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Praying with Icons: Part 5

With The Rev. Deacon Joe Dzugan

 

October 24th, 2021

 
 

Processional Cross

Processional Cross

On this procession crucifix, Christ demonstrates that he is the victor of death. He does not hang from the cross, he stands and shows no signs of suffering. His eyes are open, his arms stretched straight out and his feet are parallel. His head inclines slightly to one side and his posture may be interpreted as a welcoming, inviting gesture. Such as interpretation reflects Jesus’ own words from the Gospel of John: “And I, when I am lifted up from the earth, will draw all men to myself” (John 12:32).


The inscription (in Hebraic, Latin, and Greek) which Pilate allowed to be fastened to the cross is reproduced in Latin: “Iesus Nazarenus Rex Iudeorum” – Jesus of Nazareth, King of the Jews. The title of king indicates triumph, but Christ’s triumph is a paradox and a mystery because it was won through suffering and death. The martyrs demonstrate this paradox when they gain life by losing it.


John who was an eyewitness to the drama on Calvary tells us that the wound in Christ’s side was inflicted after his death (John 19:33-37). Therefore, strictly speaking, it is historically incorrect to depict the crucified Christ with open eyes and a bleeding wound. However, by ignoring sequential time, the deeper meaning becomes more apparent. The cross is like an altar where the sacrifice was made, and Christ himself is both the sacrifice and the priest who brings the offering. When the crucified Christ is portrayed as awake and with an open wound in his side, it is a manifestation of Christ’s living presence in the Eucharist. It is the resurrected and living Christ who gives himself in the bread and the wine.

 

Just as God opened Adam’s side and formed Eve, so the Church, also called the second Eve and Christ’s bride, has its origin in Christ’s open wound. Through the act of suffering on the cross, Christ demonstrates the very essence of love. And the Church is called upon to pass on that divine love for “Love never ends” (1 Corinthians 13:8).

-Source: The Mystical Language of Icons. 

 

The Crucifix

The Crucifix


(St. Paul’s Catholic Church, Bergen, Norway. It is the work of an icon painter. The following is taken from the church’s description of the crucifix.)

 

Christ is not portrayed [in this crucifix] with the harsh realism of Golgotha, but we see on the cross the Lord who, “lifted up from the earth, will draw all men to himself” (John 12:32). It is He who is and will be present in the eucharistic elements, and it is He who we receive at communion. The crucifix does not describe a definite historical event but recounts what happens in the mass. In the mass, we give thanks for God’s will to redeem us and are filled with gratitude for his boundless love, which through the sacrifice on the cross was given its unique manifestation. Therefore, we speak of the mass as eucharistic – as a thanksgiving.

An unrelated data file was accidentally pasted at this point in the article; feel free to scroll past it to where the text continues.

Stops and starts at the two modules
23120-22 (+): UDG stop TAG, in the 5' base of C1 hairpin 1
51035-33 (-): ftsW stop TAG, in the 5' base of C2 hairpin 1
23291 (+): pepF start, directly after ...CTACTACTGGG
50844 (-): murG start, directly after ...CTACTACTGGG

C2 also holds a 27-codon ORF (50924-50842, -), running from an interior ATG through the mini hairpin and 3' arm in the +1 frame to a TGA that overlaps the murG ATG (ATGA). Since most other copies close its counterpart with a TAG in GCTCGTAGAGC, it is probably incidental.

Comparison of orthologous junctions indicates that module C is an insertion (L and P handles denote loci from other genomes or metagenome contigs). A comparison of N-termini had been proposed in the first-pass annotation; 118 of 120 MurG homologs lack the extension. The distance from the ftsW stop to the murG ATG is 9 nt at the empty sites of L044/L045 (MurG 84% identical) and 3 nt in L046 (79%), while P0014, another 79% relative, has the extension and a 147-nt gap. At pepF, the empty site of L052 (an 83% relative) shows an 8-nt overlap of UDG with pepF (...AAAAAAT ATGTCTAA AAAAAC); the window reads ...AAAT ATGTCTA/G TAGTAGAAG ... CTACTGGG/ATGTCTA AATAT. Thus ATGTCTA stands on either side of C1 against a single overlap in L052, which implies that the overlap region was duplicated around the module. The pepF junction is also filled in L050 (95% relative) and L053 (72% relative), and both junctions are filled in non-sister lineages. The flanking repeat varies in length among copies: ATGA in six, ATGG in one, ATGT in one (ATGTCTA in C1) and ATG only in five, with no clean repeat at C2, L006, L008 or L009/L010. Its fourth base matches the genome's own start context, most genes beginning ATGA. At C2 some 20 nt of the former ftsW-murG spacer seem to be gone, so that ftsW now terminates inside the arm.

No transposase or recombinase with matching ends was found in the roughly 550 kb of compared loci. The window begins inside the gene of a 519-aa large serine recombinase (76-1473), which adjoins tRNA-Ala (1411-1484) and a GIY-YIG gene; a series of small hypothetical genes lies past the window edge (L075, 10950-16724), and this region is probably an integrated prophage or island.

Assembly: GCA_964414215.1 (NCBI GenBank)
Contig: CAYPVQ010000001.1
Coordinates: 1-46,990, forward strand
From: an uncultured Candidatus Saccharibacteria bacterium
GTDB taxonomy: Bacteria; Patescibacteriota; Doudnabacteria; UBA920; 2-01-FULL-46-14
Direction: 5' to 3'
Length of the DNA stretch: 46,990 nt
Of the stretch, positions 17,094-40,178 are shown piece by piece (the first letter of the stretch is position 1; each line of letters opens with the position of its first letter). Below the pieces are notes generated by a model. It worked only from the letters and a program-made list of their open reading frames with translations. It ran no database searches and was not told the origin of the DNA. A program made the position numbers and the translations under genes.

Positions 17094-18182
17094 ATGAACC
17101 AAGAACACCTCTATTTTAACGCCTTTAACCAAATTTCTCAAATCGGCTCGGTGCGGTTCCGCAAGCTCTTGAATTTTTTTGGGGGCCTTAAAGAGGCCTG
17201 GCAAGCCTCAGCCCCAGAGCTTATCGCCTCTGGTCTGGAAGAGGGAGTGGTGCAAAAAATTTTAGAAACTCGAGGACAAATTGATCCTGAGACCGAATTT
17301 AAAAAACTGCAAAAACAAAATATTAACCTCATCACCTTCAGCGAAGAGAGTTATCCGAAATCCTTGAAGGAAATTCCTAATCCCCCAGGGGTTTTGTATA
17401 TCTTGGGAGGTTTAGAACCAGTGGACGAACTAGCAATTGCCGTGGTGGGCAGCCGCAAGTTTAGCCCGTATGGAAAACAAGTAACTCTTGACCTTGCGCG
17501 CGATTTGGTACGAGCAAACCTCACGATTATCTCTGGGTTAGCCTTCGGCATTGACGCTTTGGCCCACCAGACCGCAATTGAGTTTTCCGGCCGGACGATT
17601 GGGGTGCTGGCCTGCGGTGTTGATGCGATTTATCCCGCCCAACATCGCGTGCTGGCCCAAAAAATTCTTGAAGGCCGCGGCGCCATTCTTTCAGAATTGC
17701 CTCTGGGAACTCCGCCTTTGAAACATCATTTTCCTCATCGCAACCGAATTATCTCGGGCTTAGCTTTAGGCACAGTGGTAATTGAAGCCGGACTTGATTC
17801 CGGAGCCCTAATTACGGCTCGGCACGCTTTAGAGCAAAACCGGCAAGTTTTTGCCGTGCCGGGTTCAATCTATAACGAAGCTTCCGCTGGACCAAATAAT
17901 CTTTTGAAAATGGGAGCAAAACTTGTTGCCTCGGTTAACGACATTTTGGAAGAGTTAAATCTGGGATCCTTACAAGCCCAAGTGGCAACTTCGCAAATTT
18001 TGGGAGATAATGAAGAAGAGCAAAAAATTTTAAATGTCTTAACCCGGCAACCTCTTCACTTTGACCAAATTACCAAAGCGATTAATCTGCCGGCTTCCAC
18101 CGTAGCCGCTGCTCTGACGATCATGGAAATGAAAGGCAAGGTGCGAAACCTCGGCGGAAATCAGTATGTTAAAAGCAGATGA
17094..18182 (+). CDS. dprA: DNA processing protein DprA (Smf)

Even so, the crucifix also holds memories of those hours of suffering at Golgotha. We see a Calvary group, a motif with long traditions in ecclesiastical art history. The group consists of the crucified Christ flanked by his mother, Mary, and John the disciple he loved. These two represent respectively the Church and all mankind. We remember the Gospel according to John, where Jesus from the cross says to Mary, with an eye to John: “Women, look to your son”, and to John: “Look to your mother.” [John 19:26-27] Thus, Jesus established a relationship between the Church and mankind, a relationship marked by the love he himself is
distinguished by. 

 

Mary is holding out the chalice to receive the blood of Jesus. This motif was chosen expressly to associate the crucifix with what happens at the altar during every mass, namely, that the bread and wine become the Lord’s body and blood, in remembrance of the sacrifice of the cross. As a congregation, we share in the fruit of that sacrifice, and become one in Christ, through this participation, through fellowship – that is to say, through the communion. Mary with the chalice symbolizes the Church, which through the mass mediates to new generations throughout the ages the radiant reality of the sacrifice of the cross. 

 

The crucifix thus gains a new meaning if we look more carefully at where it is placed. It hangs in the choir between two stained glass windows. And what do they portray? On the right Christ who holds the chalice, the king and high priest of The New Covenant, and on the left Melchizedek, the king and high priest of The Old Covenant who carried forth bread and wine and thus anticipated the sacrificial elements of the New Covenant. To portray a New Testament event and its Old Testament counterpart is a very old catechistic technique for illustrating how the Old Testament anticipates and gives notice of what will come to pass in the New Testament.


Between the stained-glass windows’ presentations of the eucharist in an Old Testament and New Testament perspective, the crucifix presents us to the Church: Christ’s mystical body” “You are a chosen race, a royal priesthood, a holy nation, God’s own people” (1 Peter 2:9). Thus, the crucifix with its motifs introduces a perspective of time which also includes us in the [twenty-first] century: “and lo, I am with you always, even unto the end of the world” (Matthew 28:20).

-Source: The Mystical Language of Icons. 

 

“Praying with Icons”, Deacon Joe Dzugan, St. Francis Episcopal Church, 2021.

Posted by Mark Hamby at 6:00 PM
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